First time writing, honestly don't know where to start, apart from I'm very alone, either though I'm married. 6th January this year, my life changed forever, had a stroke and life will never be the same again. Over the following few days, tests, tests and more tests, as you all know, and what brilliant care I received, can't fault it. Had an operation on my neck,after they discovered the artery was blocked, gave up smoking that day, and the recovery started. Was very fortunate to have six weeks treatment from the early stroke team, fantastic. Had the most wonderful stroke nurse , who I would have loved as my birthing partner when I gave birth, honestly I couldn't have done it without her. Anyway to cut a long story short, I am now discharged from vascular surgeon, stroke team and all on my own, was coping fine but now, BANG, I've hit the biggest brick wall. Hubbie had been wonderfull, cooking, cleaning and trying to understand the brain injury that I'm left with, only being able to do one thing at a time, only processing one thing at a time, but I feel he's fed up of it and he often provokes me for a reaction, like I have a certain way to change the bed, not the right way, not "my" way, just the way my brain does it, so he admits to thinking, bugger that I will do it a different way. Might sound trivial to anyone else, but is major to me. He knows I have weekness to my left leg and arm and can't do everything that I done before, I hate asking for help. My god I'm waffling on, just hoping people who have been threw this process might be able to give me some advice. Lastly the cravings for a roll up are driving me up the wall, had nicotine patches, managed fine for weeks but now with every frustration and disappointment, leaves me desperately wanting "just one" ciggie, did any of you have this, just feel I'm all alone and no one round me understands. I'm not usually a "doom and gloom" lady, just need to know other people are in the same ocean as me,rowing their little boats to a better place. M x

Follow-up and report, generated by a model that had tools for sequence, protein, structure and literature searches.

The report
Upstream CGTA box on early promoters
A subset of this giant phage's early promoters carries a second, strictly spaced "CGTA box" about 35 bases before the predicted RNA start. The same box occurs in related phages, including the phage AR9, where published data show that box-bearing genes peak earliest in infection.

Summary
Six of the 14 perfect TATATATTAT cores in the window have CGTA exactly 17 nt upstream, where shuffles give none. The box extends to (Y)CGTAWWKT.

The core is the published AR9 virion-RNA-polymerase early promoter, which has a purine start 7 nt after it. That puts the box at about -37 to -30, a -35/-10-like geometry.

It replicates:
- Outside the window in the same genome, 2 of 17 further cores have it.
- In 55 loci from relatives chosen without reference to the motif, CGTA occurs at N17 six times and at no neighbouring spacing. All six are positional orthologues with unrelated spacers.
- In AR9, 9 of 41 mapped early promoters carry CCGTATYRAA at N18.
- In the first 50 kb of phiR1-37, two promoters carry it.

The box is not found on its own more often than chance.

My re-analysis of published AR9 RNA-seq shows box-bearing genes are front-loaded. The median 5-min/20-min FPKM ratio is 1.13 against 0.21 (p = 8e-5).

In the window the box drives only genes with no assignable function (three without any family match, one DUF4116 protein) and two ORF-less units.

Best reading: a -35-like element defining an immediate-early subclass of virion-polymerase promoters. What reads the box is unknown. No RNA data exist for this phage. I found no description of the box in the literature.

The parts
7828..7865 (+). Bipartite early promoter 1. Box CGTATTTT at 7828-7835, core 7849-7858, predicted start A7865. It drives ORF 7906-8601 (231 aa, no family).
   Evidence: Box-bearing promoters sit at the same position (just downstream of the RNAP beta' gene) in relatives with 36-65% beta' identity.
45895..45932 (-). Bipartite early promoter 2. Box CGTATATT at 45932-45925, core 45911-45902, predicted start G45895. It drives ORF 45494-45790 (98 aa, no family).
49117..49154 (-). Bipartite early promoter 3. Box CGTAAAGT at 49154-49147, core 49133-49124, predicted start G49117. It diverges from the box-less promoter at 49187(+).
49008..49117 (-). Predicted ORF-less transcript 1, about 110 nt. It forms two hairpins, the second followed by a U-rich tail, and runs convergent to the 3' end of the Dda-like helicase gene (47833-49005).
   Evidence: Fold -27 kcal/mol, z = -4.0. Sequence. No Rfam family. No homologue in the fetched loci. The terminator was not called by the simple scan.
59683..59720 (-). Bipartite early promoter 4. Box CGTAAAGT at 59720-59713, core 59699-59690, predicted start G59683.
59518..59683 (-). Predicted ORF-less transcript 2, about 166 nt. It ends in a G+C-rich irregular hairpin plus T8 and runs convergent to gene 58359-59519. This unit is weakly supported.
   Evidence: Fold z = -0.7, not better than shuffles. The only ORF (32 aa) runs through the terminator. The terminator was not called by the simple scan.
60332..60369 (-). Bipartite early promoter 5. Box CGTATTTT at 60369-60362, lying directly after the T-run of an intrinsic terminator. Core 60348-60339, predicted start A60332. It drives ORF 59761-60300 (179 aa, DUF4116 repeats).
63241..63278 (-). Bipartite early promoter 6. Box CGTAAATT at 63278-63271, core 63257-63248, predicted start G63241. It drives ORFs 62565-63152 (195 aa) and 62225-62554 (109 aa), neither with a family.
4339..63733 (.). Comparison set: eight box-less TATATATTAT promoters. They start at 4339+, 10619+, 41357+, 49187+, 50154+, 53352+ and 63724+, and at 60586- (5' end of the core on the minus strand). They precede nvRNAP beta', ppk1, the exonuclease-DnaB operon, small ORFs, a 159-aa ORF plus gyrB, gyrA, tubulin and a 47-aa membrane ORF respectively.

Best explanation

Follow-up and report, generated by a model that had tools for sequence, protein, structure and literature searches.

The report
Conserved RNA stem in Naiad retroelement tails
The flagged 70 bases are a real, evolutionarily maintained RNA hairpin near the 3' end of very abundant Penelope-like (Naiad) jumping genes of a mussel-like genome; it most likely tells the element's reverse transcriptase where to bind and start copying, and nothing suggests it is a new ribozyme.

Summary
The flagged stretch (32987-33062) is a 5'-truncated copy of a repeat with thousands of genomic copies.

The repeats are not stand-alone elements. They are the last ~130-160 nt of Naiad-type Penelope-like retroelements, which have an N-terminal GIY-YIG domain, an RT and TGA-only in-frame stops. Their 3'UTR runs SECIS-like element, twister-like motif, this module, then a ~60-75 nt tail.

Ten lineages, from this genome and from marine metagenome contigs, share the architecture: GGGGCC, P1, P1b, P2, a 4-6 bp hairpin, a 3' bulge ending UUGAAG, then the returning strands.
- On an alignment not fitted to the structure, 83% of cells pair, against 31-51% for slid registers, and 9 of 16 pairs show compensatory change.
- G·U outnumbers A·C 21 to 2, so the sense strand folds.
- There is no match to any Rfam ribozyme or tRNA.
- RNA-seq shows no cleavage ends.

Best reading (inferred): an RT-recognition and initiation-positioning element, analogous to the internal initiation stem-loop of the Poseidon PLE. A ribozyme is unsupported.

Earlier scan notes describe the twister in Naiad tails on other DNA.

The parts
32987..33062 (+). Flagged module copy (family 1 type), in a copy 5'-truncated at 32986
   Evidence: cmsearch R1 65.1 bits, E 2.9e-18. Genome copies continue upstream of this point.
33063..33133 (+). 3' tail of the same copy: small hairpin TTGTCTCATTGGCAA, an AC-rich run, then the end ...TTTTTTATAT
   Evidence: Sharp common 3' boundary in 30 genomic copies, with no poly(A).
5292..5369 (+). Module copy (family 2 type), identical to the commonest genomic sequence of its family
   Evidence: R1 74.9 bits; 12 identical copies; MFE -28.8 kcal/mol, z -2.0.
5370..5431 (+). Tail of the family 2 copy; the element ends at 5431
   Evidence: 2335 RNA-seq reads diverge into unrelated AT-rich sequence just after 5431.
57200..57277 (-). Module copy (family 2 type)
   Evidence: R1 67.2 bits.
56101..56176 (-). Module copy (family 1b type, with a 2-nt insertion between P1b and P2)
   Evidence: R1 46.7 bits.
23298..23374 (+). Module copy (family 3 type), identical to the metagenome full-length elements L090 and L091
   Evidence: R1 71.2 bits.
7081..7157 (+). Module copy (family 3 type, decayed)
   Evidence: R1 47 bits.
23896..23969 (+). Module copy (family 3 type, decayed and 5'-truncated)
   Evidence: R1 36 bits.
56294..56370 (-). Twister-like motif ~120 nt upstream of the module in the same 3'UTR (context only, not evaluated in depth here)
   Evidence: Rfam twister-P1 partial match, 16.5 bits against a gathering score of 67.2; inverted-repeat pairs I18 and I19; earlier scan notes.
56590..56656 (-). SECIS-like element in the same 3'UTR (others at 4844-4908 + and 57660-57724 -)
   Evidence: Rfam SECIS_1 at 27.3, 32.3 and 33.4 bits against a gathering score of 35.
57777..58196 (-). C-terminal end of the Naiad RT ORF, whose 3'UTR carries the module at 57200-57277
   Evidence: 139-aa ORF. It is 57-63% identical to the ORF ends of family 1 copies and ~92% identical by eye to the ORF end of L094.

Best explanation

Pink Rose, Welcome to the forum. You can express yourself freely here or just rant and rave as you wish. Firstly, you are in the very early days of recovery and still feeling the full physical and emotional effects of stroke. Whilst it is true that your life will never be the same you do still have a life and things will improve.
My stroke, four years ago, was devastating. I went from being what I thought of as a fit person to someone who couldn't walk, tie shoe laces or do anything very much with his left arm. My partner was equally devastated and declared on my return from hospital, 'We have nothing to look forward to'. That depressed me too, but I have great determination and will power. Bit by bit, I got walking again with a stick, tied shoelaces and began trying to cook again. I graduated to changing a bed, doing a small amount of ironing and using my weak arm and hand as much as possible. We can even now go on short breaks.
That said, it used to irritate me no end in the early days if my partner cooked things differently or put pots and pans in places where I would never put them. However, I learnt to count to ten and sneak them back into their proper place later. I also learnt to cope with my own moods and now I never let them get me down. As for my stroke after affects, I take the attitude 'It is what it is'. I can't reverse it, but I will not let it get the better of me.
Please use your own determination and will power to move on. Your little boat isn't sunk yet,Lady, so row on.
Your brain has suffered a major trauma. You can't recover in 4 months. If You had broken your leg would you be running a marathon now. Stroke recovery is a long process over years and you will have to learn to be kind to yourself.